A number of cancers are collectively known as Head and Neck Cancer. The squamous cells that line the moist, mucosal surfaces inside different areas of the head and neck such as the mouth, the nose and the throat are the places from where they start. We can further categorize cancers of the head and neck on the basis of the areas of the head and neck where they begin. The descriptions of the various subsites are given below:
Oral cavity: The various parts of the area include the lips, the front two-thirds of the tongue, the gums, the lining inside the cheeks and lips, the floor (bottom) of the mouth under the tongue, the hard palate (bony top of the mouth), and the small area of the gum behind the wisdom teeth.
Pharynx: There are three parts of the pharynx (throat), which is a hollow tube about 5 inches long that starts behind the nose and leads to the esophagus. These are the nasopharynx (the upper part of the pharynx, behind the nose), the oropharynx (the middle part of the pharynx, including the soft palate [the back of the mouth], the base of the tongue, and the tonsils) and the hypopharynx (the lower part of the pharynx).
Larynx: A short passageway formed by cartilage just below the pharynx in the neck is called the larynx or the voice box. The vocal cords are contained in the larynx. To prevent food from entering the air passages, there is a small piece of tissue, called the epiglottis, which moves to cover the larynx.
Paranasal sinuses and nasal cavity: There are small hollow spaces in the bones of the head surrounding the nose. These are called the paranasal sinuses. There is a hollow space inside the nose which is called the nasal cavity.
Salivary glands: The floor of the mouth is the place where the major salivary glands exist which produce saliva. They are also found near the jawbone.
Sometimes, surgery is needed for the treatment of Head and Neck Cancers and for that you must go to one of the best Surgical Oncologists.
Two most important risk factors for head and neck cancers, especially cancers of the oral cavity, oropharynx, hypopharynx, and larynx are alcohol and tobacco use including chewing tobacco or snuff. Tobacco and alcohol use causes most of the head and neck cancers. It has been found that rather than people who use either tobacco or alcohol alone, those who use both tobacco and alcohol have a greater risk of having these cancers. The following are some other risk factors for head and neck cancers:
Paan (betel leaf): There is an increased risk of oral cancer if anyone uses paan more so when one uses supari (areca nut).
Preserved or salted foods: If certain preserved or salted food is consumed in childhood, there can be a risk of nasopharyngeal cancer.
Oral Health: Factors for cancers of the oral cavity may be poor oral hygiene, sharp tooth or ill-fitting dentures.
Occupational exposure: A risk factor for nasopharyngeal cancer is occupational exposure to wood dust. Those who are associated with certain jobs in the construction, metal, textile, ceramic, logging and food industries may have an increased risk of cancer of the larynx. For cancers of the paranasal sinuses and nasal cavity, industrial exposure to wood or nickel dust is a risk factor.
Radiation exposure: A risk factor for cancer of the salivary glands is radiation to the head and neck for noncancerous conditions or cancer.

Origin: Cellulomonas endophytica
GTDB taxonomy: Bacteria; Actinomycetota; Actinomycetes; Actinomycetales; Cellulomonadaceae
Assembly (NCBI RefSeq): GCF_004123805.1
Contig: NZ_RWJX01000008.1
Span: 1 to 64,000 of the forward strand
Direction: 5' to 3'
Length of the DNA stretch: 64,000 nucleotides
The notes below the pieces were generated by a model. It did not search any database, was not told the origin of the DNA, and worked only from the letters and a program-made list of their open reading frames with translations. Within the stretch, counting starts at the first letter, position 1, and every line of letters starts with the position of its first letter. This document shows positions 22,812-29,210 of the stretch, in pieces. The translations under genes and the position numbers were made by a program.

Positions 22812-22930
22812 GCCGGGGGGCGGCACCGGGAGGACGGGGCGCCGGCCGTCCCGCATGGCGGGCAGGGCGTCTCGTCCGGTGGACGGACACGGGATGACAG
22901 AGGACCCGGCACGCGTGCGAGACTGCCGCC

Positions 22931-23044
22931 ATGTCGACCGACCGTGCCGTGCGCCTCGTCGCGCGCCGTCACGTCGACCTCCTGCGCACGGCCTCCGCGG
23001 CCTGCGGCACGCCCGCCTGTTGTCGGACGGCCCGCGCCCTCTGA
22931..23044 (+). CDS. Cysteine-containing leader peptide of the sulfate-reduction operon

Epstein-Barr virus infection: For nasopharyngeal cancer and cancer of the salivary glands, a risk factor is an infection with the Epstein-Barr virus.
Ancestry: A risk factor for nasopharyngeal cancer is Asian ancestry, particularly Chinese ancestry.
There are many symptoms of head and neck cancers. They may include a lump or a sore that does not heal, a sore throat that does not go away, difficulty in swallowing and a change or hoarseness in the voice. You should consult a Head and Neck Cancer doctor if you see or feel any of the symptoms of cancer in different areas of head and neck which include the following:
Oral cavity: A swelling of the jaw that causes dentures to fit poorly or become uncomfortable, a white or red patch on the gums, tongue or lining of the mouth and unusual bleeding or pain in the mouth.
Pharynx: Pain in the neck or the throat, frequent headaches, pain or ringing in the ears, pain during swallowing, trouble in breathing, speaking or hearing.
Larynx: Change or hoarseness of voice, recurrent chest infections.
Paranasal sinuses and nasal cavity: Frequent headaches, swelling or other trouble in the eyes, chronic sinus infections not responding to antibiotic treatment, sinuses that are blocked and do not clear, bleeding from the nose, pain in the upper teeth or problems with dentures.
Salivary glands: Swelling under the chin or around the jawbone or pain in the face, chin or neck, Paralysis of facial muscles in advance cases.
A number of factors are taken into consideration by Head and Neck Cancer surgeon while deciding the treatment plan for an individual patient. They are the exact location of a tumour, the stage of cancer, the person’s age and general health. There are various methods of treatment of head and neck cancer which include surgery, radiation therapy, chemotherapy, targeted therapy. Sometimes, a combination of treatments is also used. A cancer specialist can assess and advise the best based on the understanding of the basic principles of oncology.
“Knowledge is of no value unless you put it into practice” – Anton Chekov